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Lenten Devotions from Fourth Presbyterian Church

Sunday, February 2, 2020  

Today’s Scripture Reading | 1 Corinthians 1:18–31          

For the message about the cross is foolishness to those who are perishing, but to us who are being saved it is the power of God. For it is written, “I will destroy the wisdom of the wise, and the discernment of the discerning I will thwart.” Where is the one who is wise? Where is the scribe? Where is the debater of this age? Has not God made foolish the wisdom of the world? For since, in the wisdom of God, the world did not know God through wisdom, God decided, through the foolishness of our proclamation, to save those who believe. For Jews demand signs and Greeks desire wisdom, but we proclaim Christ crucified, a stumbling block to Jews and foolishness to Gentiles, but to those who are the called, both Jews and Greeks, Christ the power of God and the wisdom of God. For God’s foolishness is wiser than human wisdom, and God’s weakness is stronger than human strength. Consider your own call, brothers and sisters: not many of you were wise by human standards, not many were powerful, not many were of noble birth. But God chose what is foolish in the world to shame the wise; God chose what is weak in the world to shame the strong; God chose what is low and despised in the world, things that are not, to reduce to nothing things that are, so that no one might boast in the presence of God. He is the source of your life in Christ Jesus, who became for us wisdom from God, and righteousness and sanctification and redemption, in order that, as it is written, “Let the one who boasts, boast in the Lord.” (NRSV)

To the Jewish followers of the Jewish Jesus, it was scandalous and shocking that Jesus was crucified. It was a stumbling block to their belief and understanding. Surely the anointed one, the Messiah, would be powerful, like a king. How could their new king, come to save them, be killed by the empire?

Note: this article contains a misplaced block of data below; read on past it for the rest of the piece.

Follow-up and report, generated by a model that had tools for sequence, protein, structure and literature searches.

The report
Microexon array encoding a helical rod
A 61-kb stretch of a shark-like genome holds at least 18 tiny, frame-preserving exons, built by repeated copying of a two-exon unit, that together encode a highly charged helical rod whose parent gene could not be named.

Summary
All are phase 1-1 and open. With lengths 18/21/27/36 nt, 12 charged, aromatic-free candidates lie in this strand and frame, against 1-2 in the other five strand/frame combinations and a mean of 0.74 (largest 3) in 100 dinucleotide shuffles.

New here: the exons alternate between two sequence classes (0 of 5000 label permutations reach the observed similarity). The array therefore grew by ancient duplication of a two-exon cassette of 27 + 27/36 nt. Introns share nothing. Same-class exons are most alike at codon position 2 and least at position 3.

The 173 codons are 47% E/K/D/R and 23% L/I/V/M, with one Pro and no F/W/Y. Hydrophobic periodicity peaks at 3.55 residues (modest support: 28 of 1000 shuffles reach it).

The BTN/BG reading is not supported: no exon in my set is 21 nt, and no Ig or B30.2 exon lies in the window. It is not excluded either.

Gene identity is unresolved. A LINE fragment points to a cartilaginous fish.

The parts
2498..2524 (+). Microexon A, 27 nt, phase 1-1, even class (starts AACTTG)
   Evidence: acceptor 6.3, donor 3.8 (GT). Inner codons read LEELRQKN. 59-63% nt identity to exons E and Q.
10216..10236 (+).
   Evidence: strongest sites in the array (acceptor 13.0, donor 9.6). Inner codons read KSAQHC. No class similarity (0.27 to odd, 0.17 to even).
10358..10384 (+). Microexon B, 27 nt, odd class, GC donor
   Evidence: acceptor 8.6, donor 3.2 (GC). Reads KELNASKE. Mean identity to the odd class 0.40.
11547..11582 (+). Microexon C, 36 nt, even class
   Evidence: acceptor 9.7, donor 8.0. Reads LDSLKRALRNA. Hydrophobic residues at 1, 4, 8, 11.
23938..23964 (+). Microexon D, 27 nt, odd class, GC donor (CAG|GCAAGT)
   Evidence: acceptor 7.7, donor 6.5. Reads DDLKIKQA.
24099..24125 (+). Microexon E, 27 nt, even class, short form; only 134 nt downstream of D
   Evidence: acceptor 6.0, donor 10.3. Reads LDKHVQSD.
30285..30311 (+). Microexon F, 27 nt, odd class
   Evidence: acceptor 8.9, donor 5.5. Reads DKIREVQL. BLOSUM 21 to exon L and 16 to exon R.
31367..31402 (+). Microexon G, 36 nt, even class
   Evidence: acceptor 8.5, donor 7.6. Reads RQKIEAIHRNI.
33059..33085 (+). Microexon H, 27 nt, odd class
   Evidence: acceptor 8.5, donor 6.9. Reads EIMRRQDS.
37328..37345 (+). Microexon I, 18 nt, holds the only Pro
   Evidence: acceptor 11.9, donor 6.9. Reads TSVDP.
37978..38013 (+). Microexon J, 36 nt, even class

And the Greeks, who were enamored with philosophy and wisdom, found the idea foolish that imperial powers could kill the Christ, the anointed one. The anointed one should have the unconquerable power of God. He should be perfect and unchangeable and certainly not able to die.

But God, by entering our human existence in the body of Christ, did not teach that “might makes right.” On the contrary, God showed that love is stronger than hate, that domination will fall apart in the end, that new life comes even after evil seems to flourish. Even after death by the torture of crucifixion, God rose again in Christ, Love walked the earth again, communion and community healed the people of their grief, and Jesus was recognized in the breaking of bread at table.

What may seem foolish and impossibly naïve may just win the day in the end. Love wins.

God of steadfast love, help me to resist the appeal of “winning” by being “right,” and give me the wisdom to trust the power of relationship and kindness and true justice. Help me to persevere in compassion. Amen.

Written by Nanette Sawyer, Associate Pastor for Discipleship and Small Group Ministry

Reflection and Prayer © Fourth Presbyterian Church

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